Followed by a small entourage of staff and a few public officials, Scott, a safe distance from the protesters and media, wandered along the St. Lucie Lock in Martin County Tuesday to see the polluted water from Lake Okeechobee flowing into the St. Lucie River.
Nearly 30 minutes later, Scott hopped back into his SUV, security running alongside, his driver taking him a short distance to a visitor center which he entered through a side door for a brief press conference.
One of the first questions came from WPTV anchor Michael Williams.
Williams: “You cannot help but hear the angry voices outside. They say it took months for you to show up here. Today the optics are really bad. You go behind a barbed wire fence, have not sat and listened the people out there and their voices. We’re in a cramped media room. Are you now going to go spend time to listen the voices of the people you represent?”
Scott: “Gosh. I’ve been governor now for a little over two years, two and a half years. I focused on water issues the entire time. I have great partners here that are focused on water issues in the state. What we did with the Everglades was historic. The funding we have for the Everglades is historic. The relationship we built by working with the Army Corps of Engineers, Justice,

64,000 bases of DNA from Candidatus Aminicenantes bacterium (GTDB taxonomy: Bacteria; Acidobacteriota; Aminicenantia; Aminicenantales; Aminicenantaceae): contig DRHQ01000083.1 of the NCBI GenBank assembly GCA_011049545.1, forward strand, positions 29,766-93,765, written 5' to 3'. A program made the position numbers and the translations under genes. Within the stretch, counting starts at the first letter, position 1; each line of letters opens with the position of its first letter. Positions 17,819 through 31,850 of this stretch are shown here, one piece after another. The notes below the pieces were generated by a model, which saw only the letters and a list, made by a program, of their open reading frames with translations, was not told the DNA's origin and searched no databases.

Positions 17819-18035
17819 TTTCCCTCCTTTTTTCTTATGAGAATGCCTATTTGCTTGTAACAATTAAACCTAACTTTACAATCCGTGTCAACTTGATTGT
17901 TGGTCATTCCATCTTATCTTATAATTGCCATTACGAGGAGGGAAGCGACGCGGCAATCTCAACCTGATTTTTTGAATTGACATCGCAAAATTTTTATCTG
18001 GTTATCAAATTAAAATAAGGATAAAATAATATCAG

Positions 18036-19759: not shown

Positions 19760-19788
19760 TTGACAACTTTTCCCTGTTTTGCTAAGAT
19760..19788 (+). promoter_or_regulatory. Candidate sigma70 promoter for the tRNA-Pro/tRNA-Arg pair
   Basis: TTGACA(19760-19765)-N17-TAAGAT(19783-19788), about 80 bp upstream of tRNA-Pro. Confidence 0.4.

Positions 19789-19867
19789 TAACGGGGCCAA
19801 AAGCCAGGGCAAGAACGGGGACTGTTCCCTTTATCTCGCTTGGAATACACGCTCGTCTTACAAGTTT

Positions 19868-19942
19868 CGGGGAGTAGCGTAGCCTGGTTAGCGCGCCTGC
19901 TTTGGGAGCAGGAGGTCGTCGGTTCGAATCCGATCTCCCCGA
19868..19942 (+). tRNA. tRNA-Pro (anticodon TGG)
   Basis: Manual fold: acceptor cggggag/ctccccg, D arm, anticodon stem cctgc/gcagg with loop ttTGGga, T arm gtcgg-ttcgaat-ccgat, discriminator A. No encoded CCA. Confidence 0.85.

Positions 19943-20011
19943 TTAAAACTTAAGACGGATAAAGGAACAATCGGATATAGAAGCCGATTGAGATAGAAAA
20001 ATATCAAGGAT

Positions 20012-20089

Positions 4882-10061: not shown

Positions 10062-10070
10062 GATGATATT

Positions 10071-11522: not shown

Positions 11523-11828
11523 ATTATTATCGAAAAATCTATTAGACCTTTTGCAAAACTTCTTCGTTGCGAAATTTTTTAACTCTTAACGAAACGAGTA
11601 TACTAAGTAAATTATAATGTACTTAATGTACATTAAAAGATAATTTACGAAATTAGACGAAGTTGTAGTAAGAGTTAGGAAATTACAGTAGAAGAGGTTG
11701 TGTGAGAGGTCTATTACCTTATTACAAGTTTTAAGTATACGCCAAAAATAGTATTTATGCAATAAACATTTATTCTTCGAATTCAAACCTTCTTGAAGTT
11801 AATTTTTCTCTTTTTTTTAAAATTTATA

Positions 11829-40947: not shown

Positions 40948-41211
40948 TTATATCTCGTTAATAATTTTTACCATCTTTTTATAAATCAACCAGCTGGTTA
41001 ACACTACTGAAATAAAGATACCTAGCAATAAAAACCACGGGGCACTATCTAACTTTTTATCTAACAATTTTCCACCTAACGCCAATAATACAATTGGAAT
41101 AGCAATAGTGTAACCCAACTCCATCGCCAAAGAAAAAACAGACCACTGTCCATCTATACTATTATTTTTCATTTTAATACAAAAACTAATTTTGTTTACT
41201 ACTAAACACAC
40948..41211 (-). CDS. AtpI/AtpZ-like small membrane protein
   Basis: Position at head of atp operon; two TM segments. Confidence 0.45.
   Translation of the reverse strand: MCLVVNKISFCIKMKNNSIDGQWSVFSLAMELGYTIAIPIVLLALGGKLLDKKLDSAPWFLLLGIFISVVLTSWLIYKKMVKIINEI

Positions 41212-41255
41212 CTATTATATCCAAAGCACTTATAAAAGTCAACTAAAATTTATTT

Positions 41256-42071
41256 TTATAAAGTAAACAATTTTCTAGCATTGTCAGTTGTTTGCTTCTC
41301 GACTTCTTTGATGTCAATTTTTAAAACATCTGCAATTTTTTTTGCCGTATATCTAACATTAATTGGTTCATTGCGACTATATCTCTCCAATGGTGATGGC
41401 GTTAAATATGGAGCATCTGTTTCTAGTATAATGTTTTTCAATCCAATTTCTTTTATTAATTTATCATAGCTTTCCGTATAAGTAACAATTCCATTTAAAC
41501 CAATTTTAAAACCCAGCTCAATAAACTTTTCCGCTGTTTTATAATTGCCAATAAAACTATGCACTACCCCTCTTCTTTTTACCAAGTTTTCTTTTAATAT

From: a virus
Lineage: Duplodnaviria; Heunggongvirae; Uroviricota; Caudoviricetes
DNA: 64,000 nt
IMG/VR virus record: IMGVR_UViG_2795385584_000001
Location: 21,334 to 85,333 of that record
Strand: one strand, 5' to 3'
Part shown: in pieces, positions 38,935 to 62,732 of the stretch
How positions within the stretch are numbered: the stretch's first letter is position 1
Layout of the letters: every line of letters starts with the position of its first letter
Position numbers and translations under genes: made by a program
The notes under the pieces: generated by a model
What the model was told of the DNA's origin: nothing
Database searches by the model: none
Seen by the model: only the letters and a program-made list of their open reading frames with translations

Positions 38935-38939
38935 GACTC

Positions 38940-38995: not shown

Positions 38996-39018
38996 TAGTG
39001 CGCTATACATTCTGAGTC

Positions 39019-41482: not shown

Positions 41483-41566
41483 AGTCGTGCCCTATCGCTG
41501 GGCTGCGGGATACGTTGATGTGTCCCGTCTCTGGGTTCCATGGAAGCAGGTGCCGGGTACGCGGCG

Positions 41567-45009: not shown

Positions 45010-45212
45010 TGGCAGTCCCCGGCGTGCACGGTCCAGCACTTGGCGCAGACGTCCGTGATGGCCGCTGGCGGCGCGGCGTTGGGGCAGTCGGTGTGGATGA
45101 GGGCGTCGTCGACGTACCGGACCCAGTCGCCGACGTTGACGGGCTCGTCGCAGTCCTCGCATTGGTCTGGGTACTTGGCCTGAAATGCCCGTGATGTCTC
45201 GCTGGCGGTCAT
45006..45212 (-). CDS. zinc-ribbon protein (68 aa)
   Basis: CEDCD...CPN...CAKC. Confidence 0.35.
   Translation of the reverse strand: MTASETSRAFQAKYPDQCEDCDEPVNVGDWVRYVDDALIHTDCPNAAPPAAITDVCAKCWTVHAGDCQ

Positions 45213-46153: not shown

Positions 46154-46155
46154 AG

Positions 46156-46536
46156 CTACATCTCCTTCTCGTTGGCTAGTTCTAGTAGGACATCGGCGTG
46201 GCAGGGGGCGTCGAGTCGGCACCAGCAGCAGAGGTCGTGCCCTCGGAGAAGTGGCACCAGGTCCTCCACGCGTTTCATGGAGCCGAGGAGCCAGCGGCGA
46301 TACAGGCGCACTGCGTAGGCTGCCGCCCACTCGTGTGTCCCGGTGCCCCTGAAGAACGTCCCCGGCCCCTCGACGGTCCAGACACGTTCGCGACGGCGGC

(Environmental Protection Agency), Interior, the environmentalists and the agriculture community is historic. I’m going to continue to do that. I’ve been working on this project since the problem started and I’m going to continue to work on it.
I’ve worked very hard to ensure we get the right thing to happen. Today, we’re announcing that we’re going to make sure there’s another $40 million in this budget to deal with this issue as quickly as we can.”
Shortly after, Scott climbed back into the SUV and took off.
As Williams noted – the optics were really bad.